5. 5. 4 1 EFAMA Annual Asset Management Report The seventh annual report undertaken by EFAMA on the European asset management industry represents an effort to provide a snapshot of the asset management industry in Europe.1 Its focus is on the value of assets professionally managed in Europe with a distinction between investment funds and discretionary mandate assets, and across both the retail and institutional landscape. The focus of this report is to highlight and analyze facts and figures on the asset management industry from the perspective of where the assets are managed. There is therefore a clear distinction between the data presented in this report and the data on investment funds analyzed in other research reports from EFAMA, such as the EFAMA Fact Book and the EFAMA Monthly/Quarterly Statistical Releases. In general these other reports compare the European countries’ market shares in terms of investment fund domiciliation. The report is primarily based on responses to a questionnaire sent to EFAMA member associations covering data at end 2012. The questionnaire methodology has focused around the coverage of data on assets under management (AuM) split by products, clients and asset types. Thirteen associations provided us with data on the value of the assets managed in their countries: Austria, Belgium, Bulgaria, France, Germany, Greece, Hungary, Italy, Netherlands, Portugal, Romania, Turkey and the UK. According to our estimations, these countries account for 76% of the AuM in Europe. To compensate for those associations unable to answer the questionnaire or those who can only provide partial information, additional internal and external data were used to estimate the value of total AuM in Europe presented in Section 3.2 This year’s report is broken down into sections from 2-7. The purpose of section 2 is to provide an overview of the asset management industry, its key functions, specificities compared within the wider financial system, and its contribution to the financing of the economy. Section 3 highlights the assets under management by the industry in Europe and per country across Europe. This section also puts Europe into a global context, whilst also presenting a first estimation of the assets managed by the industry in Europe at end 2013. Thereafter, section 4 discusses the recent trends in the assets managed through investment funds and discretionary mandates. In section 5, the report continues by providing an overview of the industry’s clients, while section 6 focuses on the asset allocation of European asset managers. Section 7 looks at the industrial organization of the asset management industry and its contribution to the European economy in terms of employment.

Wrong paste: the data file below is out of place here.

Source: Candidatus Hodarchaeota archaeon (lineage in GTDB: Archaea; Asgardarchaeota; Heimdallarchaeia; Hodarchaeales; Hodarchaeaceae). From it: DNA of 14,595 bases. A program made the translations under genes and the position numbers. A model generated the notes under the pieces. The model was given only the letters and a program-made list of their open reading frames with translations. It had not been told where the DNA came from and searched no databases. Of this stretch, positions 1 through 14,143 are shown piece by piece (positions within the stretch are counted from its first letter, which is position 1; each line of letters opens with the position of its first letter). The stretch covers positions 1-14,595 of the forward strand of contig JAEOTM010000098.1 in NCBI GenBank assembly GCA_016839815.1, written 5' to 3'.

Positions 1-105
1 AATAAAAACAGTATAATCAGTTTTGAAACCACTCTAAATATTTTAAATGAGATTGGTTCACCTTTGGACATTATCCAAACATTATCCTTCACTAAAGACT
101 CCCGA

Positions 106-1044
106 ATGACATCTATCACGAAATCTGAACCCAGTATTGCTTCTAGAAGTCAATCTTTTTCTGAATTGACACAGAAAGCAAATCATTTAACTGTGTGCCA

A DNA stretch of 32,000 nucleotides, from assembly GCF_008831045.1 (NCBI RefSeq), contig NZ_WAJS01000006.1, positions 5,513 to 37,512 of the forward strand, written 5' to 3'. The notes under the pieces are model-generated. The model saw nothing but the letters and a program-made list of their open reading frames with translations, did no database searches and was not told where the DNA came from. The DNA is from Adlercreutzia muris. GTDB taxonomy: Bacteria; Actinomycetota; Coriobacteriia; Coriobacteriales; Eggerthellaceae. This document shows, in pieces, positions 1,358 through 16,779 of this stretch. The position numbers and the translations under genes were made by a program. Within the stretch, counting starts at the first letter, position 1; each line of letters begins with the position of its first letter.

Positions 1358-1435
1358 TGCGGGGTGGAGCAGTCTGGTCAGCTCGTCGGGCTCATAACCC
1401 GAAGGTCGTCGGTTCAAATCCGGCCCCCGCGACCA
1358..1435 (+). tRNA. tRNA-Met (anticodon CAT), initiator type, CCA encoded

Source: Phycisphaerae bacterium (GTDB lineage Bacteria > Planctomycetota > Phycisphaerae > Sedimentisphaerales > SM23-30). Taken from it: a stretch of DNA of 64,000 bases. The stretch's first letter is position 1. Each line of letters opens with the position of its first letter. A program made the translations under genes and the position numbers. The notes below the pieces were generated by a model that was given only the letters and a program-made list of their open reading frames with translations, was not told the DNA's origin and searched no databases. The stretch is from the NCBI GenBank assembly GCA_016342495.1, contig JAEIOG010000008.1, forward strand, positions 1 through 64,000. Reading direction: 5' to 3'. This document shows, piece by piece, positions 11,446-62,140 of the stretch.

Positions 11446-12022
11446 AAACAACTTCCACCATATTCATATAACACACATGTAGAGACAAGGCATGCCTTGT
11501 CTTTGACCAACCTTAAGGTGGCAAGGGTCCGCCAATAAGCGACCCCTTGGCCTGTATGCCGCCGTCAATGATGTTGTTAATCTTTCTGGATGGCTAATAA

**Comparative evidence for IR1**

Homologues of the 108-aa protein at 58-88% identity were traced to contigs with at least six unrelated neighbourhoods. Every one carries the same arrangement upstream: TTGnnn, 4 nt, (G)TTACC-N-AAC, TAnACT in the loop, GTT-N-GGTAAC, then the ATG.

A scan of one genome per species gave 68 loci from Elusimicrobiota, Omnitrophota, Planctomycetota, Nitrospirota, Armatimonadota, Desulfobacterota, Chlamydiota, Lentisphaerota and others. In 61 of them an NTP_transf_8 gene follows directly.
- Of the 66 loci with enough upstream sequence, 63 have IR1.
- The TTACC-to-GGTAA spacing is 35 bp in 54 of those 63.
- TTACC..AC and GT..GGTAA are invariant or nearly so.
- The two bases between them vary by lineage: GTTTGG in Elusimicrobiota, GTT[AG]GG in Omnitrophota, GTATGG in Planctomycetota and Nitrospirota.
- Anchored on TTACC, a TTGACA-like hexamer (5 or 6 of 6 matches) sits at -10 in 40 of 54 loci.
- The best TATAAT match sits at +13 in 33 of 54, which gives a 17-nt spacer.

6. 6. 5 2 Third-Party Asset Management 2.1 Key Functions Asset management can be exercised either on an own account or for third parties. If it is done on an own account, investors have to manage their own portfolios. Alternatively, private and institutional investors may delegate the management of their portfolios to companies specialized in asset management and so rely on the expertise of these third-party asset managers for the management of their assets. Third-party asset management (thereafter "asset management" for the sake of simplicity) refers to the professional management and trading of securities and other types of assets to achieve a specific investment goal as set out by the client/investor. Asset management portfolios can be made up of investment funds and/or discretionary mandates. Investment funds are pools of assets with specified risk levels and asset allocations, into which one can buy and redeem shares. A discretionary mandate is a mandate given by a client to an asset manager to manage a portfolio of assets and execute orders in compliance with a predefined set of rules and principles, on a segregated basis and separate from other clients’ assets. Asset managers must stick to the terms of the investment objectives agreed with their clients and cannot go beyond this remit. This section presents an overview of the role of asset management companies in the economy and on financial markets. Exhibit 1 is our starting point; it is adapted from Mishkin (2008) and shows that one of the basic functions of asset management companies is to channel funds from those that have saved to those that have a shortage of funds.3 Those who have saved and are lending funds, the lender-savers, are on the left in exhibit 1, and those who must borrow funds to finance their spending, the borrower-spenders, are on the right. Borrowers can borrow funds directly from lenders in financial markets by selling financial instruments, such as certificates of deposit, commercial paper, corporate bonds, government securities and stocks. This route (the route at the bottom of exhibit 1) is often called direct finance, as opposed to the second route (the route at the top of exhibit 1), which involves a financial intermediary that stands between the lender-savers and the borrower-spenders. This process, which is often called financial intermediation, is the primary route for moving funds from lenders to borrowers. The main difference between this route and that of direct finance is that the lender-savers do not know who the ultimate lender of their funds is, whereas in the direct finance route, the lender-saver knows to which borrower their funds are being channeled to. The principal financial intermediaries fall into three broad categories: banks and other deposit-taking institutions, life insurance companies and pension funds, and asset management companies. These three categories provide specialist services in the economy. Typically, banks are financial intermediaries that accept deposits from individuals and institutions and make loans. Insurance companies and pension funds take in savings from households and company employees, and invest them in money market and capital market instruments and other assets. Asset management companies provide an efficient way of pooling funds for investment purposes.